With access to a global workforce and free movement thanks to remote work, there are various compliance and tax challenges for employers.
HR departments across multiple industries adjusted quickly to the pandemic. They managed shifting consumer demand, which impacted hiring and business models, and they adapted to remote workforces. As the pandemic continues, remote working is now “table stakes” for workers, not a rare luxury. As entire organizations adopt remote working, they lose a corporate headquarters. There’s no centralized place where workers gather. While this at times can impact collaboration, it does provide firms with access to a global labor pool and more flexibility to move workers from one locale to another. With this global workforce and free movement, there are also various compliance and tax challenges for employers.
EU Rules for Posted Workers
Within the European Union, employers sending and hiring workers to other member countries means complying with the Posted Worker Directive. First created in 1996, the latest version of these regulations went into effect in mid-2020. They add requirements for employers to keep better track of their traveling workers, which includes providing more documentation to local agencies that manage labor.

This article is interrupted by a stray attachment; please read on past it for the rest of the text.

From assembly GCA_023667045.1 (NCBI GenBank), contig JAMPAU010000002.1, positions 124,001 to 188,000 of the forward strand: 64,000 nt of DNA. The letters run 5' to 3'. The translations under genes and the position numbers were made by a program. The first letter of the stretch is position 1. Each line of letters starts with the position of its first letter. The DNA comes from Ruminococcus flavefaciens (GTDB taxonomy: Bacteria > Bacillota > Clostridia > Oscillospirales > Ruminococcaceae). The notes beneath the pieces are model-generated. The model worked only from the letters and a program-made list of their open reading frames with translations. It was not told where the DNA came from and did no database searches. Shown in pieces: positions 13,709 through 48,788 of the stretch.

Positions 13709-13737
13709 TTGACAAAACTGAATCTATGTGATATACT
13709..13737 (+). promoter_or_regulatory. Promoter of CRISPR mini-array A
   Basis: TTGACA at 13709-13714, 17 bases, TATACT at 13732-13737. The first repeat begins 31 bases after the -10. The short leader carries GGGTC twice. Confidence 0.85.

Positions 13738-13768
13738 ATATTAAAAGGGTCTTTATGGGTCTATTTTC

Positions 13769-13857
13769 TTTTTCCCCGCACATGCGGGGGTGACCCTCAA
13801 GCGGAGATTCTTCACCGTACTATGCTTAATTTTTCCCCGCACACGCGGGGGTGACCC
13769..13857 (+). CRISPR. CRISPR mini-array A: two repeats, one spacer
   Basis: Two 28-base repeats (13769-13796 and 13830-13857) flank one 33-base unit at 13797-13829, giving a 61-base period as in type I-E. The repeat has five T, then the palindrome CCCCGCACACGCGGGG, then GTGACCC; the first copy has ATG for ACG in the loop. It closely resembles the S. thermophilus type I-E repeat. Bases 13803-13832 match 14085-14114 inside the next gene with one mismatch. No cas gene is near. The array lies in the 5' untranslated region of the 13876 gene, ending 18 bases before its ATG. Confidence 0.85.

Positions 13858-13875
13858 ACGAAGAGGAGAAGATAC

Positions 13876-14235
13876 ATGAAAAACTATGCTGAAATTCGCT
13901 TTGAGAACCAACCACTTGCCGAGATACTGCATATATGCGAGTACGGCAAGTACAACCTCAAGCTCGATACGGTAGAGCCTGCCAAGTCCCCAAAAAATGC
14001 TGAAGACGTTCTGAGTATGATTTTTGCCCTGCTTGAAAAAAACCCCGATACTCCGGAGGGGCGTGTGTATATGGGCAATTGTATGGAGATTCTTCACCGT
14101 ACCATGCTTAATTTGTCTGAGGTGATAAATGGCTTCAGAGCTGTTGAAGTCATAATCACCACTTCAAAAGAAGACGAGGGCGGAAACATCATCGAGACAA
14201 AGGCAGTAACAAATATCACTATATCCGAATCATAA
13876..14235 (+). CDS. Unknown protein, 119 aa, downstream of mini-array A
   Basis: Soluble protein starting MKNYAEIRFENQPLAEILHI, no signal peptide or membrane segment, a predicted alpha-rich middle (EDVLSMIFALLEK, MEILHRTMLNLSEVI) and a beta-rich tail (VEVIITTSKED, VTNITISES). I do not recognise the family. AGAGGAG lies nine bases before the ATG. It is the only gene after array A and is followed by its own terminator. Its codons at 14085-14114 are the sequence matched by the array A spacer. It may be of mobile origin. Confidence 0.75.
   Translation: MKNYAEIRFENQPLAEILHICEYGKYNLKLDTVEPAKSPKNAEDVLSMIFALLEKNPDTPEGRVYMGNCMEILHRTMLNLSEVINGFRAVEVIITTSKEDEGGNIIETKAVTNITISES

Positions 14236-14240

Failure to comply with the EU directive means fines and other penalties, so employers spend time and resources trying to manage their workforces to remain in compliance. With millions of workers moving between EU countries every year, companies and HR departments often struggle to keep track of these traveling workers. Companies need to manage their location, meet document deadlines, and handle other related processes that require manual tasks and detailed organization.
It should be no surprise that the Posted Workers Directive can become convoluted when an employer plans to send their employees to an eligible country (EU/EEA & Switzerland) to conduct services. The legislation and eligibility of a worker varies with each country involved. The employer must ensure that the worker posted is entitled to the benefits and wages that are equivalent to the local workers employed in the host country. Without the directive, employers could exploit and benefit from inexpensive labor by sending workers to a higher-cost country like Austria or Switzerland but still pay them low rates typical of their home country.
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